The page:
Parallel developments [19, 20, 21, 22, 23, 24] in the study of the matrix model for ABJM theory [25] shed additional light on the quantization problem. It was noted in [24] that the quantization of the mirror curve leads to a quantum-mechanical operator with a computable, discrete spectrum. The solution to this spectral problem involves, in addition to the NS limit of the refined topological string, a non-perturbative sector, beyond the perturbative WKB sector studied in [17]. Surprisingly, this sector involves the standard topological string. The insights obtained in [24] thanks to the ABJM matrix model apply in principle only to one particular CY geometry, but they were extended to other CYs in [26], which generalized the method of [24] for solving the spectral problem. A complete picture was developed in [27], which made two general conjectures valid in principle for arbitrary toric CYs based on del Pezzo surfaces: first, the quantization of the mirror curve to a local del Pezzo leads to a positive-definite, trace class operator on . Second, the spectral or Fredholm determinant of this operator can be computed in closed form from the standard and NS topological string free energies. The vanishing locus of this spectral determinant gives an exact quantization condition which determines the spectrum of the corresponding operator. The first conjecture was proved, to a large extent, in [28], where it was also shown that the integral kernel of the corresponding operators can be expressed in many cases in terms of the quantum dilogarithm. The second conjecture has been tested in [27] in various examples.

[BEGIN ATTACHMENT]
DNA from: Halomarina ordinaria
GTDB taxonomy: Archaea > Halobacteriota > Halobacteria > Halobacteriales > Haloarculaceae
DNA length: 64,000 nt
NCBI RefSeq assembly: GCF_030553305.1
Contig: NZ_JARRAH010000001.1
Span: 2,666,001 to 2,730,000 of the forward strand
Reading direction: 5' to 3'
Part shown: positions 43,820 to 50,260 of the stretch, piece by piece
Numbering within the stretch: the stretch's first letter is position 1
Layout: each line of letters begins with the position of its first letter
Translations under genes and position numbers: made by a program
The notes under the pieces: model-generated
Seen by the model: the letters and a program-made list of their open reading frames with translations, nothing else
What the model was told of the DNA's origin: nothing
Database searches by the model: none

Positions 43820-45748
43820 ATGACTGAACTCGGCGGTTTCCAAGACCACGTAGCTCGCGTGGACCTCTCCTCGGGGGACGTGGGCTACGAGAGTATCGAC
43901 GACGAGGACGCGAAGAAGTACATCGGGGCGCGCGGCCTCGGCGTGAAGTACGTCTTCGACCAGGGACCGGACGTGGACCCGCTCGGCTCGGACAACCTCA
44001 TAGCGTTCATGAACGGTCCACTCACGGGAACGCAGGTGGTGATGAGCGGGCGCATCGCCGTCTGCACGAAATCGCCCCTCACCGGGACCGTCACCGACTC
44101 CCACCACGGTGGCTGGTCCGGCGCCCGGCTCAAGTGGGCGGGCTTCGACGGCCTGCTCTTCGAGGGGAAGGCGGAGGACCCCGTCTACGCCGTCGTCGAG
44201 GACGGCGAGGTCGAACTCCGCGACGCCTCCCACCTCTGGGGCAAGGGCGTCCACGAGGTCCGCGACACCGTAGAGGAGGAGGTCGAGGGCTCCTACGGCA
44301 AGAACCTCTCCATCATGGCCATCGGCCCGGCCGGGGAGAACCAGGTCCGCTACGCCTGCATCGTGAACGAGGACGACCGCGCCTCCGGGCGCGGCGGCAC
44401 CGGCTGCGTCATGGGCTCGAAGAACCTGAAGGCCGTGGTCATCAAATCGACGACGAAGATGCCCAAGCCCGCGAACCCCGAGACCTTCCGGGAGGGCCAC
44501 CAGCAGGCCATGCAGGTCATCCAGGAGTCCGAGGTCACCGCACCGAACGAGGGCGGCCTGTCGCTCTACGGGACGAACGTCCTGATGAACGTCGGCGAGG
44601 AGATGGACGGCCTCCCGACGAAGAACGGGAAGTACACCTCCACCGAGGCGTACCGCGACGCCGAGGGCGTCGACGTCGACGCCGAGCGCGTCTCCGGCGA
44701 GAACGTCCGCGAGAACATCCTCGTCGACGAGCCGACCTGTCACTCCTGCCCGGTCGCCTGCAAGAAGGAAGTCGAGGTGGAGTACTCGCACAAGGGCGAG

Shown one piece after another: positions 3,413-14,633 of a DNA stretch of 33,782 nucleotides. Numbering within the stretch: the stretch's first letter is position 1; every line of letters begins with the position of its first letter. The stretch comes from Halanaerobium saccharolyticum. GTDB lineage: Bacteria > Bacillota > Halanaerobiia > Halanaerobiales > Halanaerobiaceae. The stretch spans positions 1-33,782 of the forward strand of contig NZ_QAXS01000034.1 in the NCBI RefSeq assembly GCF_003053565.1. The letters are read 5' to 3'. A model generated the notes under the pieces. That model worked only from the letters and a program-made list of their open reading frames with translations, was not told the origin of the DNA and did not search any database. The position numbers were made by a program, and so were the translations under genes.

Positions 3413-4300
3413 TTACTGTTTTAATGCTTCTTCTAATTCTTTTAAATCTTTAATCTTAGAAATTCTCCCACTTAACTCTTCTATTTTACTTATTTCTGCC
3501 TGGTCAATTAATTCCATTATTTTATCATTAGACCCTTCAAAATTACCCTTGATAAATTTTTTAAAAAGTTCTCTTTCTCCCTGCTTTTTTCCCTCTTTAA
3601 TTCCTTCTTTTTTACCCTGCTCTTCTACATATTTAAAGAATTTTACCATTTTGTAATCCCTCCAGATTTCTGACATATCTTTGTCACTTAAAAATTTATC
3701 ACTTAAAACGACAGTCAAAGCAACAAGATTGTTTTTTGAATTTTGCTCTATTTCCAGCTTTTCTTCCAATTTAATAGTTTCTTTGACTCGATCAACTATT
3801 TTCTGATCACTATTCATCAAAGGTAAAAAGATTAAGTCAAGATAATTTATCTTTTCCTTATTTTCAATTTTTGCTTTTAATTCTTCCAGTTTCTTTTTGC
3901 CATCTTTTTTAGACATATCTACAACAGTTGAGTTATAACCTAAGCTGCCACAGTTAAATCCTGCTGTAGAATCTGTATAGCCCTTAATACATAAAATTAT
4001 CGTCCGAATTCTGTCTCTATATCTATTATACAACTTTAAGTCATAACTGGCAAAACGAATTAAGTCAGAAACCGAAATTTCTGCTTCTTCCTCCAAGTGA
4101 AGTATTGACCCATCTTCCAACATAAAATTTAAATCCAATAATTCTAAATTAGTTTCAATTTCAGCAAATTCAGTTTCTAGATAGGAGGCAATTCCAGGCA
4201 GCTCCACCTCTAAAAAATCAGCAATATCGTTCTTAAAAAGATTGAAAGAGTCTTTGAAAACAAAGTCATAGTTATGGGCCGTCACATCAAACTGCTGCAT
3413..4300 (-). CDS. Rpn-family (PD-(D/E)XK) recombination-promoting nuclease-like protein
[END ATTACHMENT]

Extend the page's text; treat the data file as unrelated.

The conjecture of [27] establishes a precise link between the spectral theory of trace class operators and the enumerative geometry of CY threefolds. From the point of view of spectral theory, it leads to a new family of trace class operators whose spectral determinant can be written in closed form — a relatively rare commodity. From the point of view of topological string theory, the spectral problem provides a non-perturbative definition of topological string theory. For example, one can show that, as a consequence of [27], the genus expansion of the topological string free energy emerges as the asymptotic expansion of a ’t Hooft-like limit of the spectral traces of the operators [38].